+ Just between the two of us, I think the first 10 seconds of a usability test are the most important, not because you’re already running the test - far from it.  It’s what happens even before testing begins. Your participant who is already seated, might be perusing the consent form or pre-test questionnaire they found on the table.  More likely, though, the participant is looking around the room, trying to figure out what they just volunteered to do and hoping they “pass”.  Yes, I intentionally put “pass” in quotation marks, since the folks who perform usability testing...
August 13, 2014  •  By Jeff Tranter  •  Qt & QML  •  Qt, QML, Raspberry Pi, Yocto, Wayland
It's summertime here in the Northern hemisphere, and many people are on vacation (I just got back from a week off, myself). Despite that, we are very busy at ICS with consulting projects and preparing for the upcoming Qt Developer Days (1) conferences to be held in Berlin and San Francisco this year. Given the lack of time, this blog post is going to be a grab bag of updates to earlier blog posts, with lots of links to more information. The Raspberry Pi (2) continues to be very popular, both as a platform for education as well as embedded computing. To better support the...
A while back, I spoke about how I’ve been noticing User Experience (UX) becoming more of a differentiator across various industries.  From airlines to fast food to automobiles, it is the entire experience someone has with a particular brand that brings people back for more, often trumping price as the driving reason people spend their money. I can speak from personal experience on this.  I recently upgraded my satellite DVR to support TiVo instead of the standard interface on the box.  Sure, it costs me an extra 10 bucks a month, but I’m willing to pay it for that enhanced...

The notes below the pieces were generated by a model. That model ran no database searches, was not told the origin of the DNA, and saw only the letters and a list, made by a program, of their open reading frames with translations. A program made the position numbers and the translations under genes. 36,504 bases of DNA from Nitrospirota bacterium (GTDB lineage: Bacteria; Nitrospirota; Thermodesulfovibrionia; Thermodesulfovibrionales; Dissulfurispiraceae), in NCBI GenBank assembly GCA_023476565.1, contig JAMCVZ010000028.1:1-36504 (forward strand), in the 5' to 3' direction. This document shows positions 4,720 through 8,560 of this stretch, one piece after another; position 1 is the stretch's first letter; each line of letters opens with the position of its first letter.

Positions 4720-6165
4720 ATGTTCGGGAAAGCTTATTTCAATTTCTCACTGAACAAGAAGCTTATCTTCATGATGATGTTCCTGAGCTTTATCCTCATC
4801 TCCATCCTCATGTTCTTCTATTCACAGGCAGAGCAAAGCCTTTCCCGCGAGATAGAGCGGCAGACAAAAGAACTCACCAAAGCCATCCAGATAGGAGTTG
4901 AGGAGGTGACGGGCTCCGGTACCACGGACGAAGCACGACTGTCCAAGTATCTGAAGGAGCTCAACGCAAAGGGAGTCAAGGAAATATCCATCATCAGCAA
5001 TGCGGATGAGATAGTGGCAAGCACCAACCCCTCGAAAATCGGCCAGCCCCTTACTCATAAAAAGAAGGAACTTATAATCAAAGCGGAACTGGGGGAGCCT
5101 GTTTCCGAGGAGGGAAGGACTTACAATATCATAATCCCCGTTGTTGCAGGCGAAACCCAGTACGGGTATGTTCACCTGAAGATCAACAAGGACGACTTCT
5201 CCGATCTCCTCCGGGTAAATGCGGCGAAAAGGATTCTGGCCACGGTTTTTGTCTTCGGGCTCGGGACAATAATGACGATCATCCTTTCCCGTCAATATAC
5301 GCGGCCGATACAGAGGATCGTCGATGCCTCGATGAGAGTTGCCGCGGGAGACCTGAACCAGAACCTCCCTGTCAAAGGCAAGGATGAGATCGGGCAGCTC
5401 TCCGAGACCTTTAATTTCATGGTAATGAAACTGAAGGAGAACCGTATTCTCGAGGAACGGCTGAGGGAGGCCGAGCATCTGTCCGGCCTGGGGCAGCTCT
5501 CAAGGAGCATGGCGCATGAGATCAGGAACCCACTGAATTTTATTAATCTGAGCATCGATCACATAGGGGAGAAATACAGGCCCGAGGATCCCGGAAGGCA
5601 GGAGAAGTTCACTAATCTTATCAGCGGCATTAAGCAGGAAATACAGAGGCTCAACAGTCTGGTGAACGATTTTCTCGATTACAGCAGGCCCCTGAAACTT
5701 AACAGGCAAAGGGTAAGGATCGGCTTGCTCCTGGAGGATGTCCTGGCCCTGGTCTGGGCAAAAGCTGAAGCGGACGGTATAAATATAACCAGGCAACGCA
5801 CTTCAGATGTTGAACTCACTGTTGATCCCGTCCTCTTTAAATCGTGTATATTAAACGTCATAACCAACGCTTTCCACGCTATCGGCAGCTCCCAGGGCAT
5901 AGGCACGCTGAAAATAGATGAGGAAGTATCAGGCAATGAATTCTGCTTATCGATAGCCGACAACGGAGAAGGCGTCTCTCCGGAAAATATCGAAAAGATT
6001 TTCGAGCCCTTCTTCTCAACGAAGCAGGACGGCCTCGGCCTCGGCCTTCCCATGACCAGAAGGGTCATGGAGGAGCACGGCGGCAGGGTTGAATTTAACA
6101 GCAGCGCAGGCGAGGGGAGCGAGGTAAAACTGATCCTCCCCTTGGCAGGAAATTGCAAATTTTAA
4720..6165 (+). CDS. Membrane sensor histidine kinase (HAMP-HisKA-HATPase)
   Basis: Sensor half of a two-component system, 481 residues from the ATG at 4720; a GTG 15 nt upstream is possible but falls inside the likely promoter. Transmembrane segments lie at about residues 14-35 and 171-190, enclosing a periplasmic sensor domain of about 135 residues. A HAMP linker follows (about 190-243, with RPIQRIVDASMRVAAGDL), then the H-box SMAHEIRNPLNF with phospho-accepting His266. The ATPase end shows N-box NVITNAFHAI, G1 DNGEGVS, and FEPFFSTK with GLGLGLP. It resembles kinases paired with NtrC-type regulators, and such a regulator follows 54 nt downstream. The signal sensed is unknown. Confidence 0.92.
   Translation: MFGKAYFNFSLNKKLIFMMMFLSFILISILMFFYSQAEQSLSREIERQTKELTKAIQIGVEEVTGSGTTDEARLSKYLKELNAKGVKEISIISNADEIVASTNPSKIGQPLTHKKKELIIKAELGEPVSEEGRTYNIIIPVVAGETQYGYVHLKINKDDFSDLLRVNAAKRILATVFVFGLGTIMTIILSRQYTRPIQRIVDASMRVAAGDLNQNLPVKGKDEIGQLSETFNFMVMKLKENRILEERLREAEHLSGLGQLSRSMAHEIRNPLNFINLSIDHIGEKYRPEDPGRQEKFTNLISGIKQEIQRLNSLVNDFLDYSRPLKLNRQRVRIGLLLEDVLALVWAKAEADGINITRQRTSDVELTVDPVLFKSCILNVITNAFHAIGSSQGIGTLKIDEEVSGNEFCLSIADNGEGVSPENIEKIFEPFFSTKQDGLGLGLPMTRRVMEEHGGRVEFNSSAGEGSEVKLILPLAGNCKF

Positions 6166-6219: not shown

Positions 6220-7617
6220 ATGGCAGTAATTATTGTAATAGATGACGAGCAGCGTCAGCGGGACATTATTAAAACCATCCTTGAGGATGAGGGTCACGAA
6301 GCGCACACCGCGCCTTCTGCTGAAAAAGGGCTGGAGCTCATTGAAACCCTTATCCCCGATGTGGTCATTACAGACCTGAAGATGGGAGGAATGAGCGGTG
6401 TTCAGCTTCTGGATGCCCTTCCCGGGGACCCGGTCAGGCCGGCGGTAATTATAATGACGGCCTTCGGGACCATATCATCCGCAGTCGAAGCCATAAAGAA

July 30, 2014  •  By Jeff Tranter  •  Qt & QML  •  Qt, QML, QPrinterInfo, printing
The Qt 5.3 release made a lot of "under the hood" improvements to the internals of the Qt printing system. There were also some changes visible at the API level. One of the more noticeable changes was to add enhancements to the QPrinterInfo class. In this blog post, I'll go over this class and present an example application illustrating how to use it. The QPrinterInfo (1) class returns information about printers available on a machine and has been included in Qt since version 4.4. It is part of Qt's PrintSupport module, so when using qmake as your build system, you need to enable...
Common user experience (UX) wisdom says that you have a short period of time (approximately 3 seconds to 3 minutes) to attract, seduce and convince a user to use your app, site or device. Once you capture their attention, you need to sustain a long-term relationship by offering the user real value (Skype), enduring enjoyment (Candy Crush) or at the very least, an obligation to be a participant in popular experiences (Facebook). Do the same principles apply to public kiosks, such as ticketing, retail and museum kiosks? The answer is yes and no. Yes, Kiosks Depend on Attraction, Enjoyment...